Narrators have referred to the great casualties that Yazid’s army suffered at the hands of al-’Abbas ibn ‘Ali who kept smiling in the midst of fighting. He filled the battlefield with the bodies of the enemies, painted the horses with their blood, and planted horror and terror in their hearts. His sword served as a destructive thunderbolt that inflicted bereavement and fatality upon people of Kufa who were in the opposing party.
The courage of al-’Abbas has astonished poets and authors who have gone on to describe it in nonesuch styles. It has given the best examples of heroism all over history. Since this courage was demonstrated for defending the right and protecting the high values and principles of Islam, its significance has been increasing over time.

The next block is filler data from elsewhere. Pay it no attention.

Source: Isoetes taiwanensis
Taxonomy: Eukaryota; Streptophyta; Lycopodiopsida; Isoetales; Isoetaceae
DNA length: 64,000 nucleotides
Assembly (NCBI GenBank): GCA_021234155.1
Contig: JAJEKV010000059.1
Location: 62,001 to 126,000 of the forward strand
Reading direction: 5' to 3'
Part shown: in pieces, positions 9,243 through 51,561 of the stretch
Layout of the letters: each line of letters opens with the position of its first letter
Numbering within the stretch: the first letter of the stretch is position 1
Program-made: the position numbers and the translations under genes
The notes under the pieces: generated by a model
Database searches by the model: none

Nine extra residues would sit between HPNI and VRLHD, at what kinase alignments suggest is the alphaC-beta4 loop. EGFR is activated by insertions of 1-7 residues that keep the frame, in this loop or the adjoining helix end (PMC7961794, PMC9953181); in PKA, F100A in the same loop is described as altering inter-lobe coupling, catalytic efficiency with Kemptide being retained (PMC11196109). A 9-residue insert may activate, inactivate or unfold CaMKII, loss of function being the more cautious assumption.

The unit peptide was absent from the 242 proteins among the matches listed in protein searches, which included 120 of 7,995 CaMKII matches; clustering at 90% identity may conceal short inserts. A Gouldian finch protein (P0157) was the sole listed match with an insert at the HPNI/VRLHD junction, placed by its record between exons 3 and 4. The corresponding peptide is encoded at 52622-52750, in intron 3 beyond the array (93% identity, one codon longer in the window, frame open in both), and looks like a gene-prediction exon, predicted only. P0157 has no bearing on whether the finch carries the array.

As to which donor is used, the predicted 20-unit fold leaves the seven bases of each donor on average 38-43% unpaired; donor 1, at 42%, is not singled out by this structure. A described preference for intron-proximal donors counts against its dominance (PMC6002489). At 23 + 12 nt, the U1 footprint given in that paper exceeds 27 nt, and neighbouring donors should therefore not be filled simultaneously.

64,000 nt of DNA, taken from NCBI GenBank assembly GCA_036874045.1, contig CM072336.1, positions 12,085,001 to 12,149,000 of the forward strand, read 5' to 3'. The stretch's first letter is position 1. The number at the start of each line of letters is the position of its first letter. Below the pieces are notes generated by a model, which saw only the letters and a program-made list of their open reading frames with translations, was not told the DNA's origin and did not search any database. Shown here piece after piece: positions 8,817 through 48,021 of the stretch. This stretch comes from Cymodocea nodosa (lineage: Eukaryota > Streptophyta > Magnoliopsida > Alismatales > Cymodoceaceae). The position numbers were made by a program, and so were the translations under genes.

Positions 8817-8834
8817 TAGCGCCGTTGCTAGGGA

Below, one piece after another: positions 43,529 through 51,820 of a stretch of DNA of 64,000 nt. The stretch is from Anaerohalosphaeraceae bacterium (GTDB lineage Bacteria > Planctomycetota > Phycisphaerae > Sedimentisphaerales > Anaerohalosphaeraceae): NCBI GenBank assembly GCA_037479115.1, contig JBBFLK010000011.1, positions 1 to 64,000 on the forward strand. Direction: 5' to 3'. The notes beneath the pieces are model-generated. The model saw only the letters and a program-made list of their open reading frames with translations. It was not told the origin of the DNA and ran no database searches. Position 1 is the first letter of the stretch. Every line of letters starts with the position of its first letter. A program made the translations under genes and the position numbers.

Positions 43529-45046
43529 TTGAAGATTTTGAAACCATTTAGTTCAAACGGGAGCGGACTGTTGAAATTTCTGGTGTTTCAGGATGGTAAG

Faith was another major feature in the personality of al- ‘Abbas. He was brought up in the laps of true faith, centers of God-fearing, and faculties of obedience to God. His father, chief of the faithful and head of the pious, fed him with the essence of faith, and factuality of God’s oneness.
Hence, al-’Abbas grew up on the cognizant faith and the true pondering over the secrets of creation. This giant, nonesuch faith interacted in the mentality of al-’Abbas to change him into one of the great individuals of faith, piety and sincerity. Out of his faith, al-’Abbas offered his brothers, sons and himself as pure sacrifices for the sake of God.
Al-’Abbas fought for defending the religion of God bravely to protect the principles of Islam that were exposed to dangers of being eradicated during the reign of the Umayyad ancestry. He aimed at nothing other than the satisfaction of God and the attainment of the eternal joy of the life to come.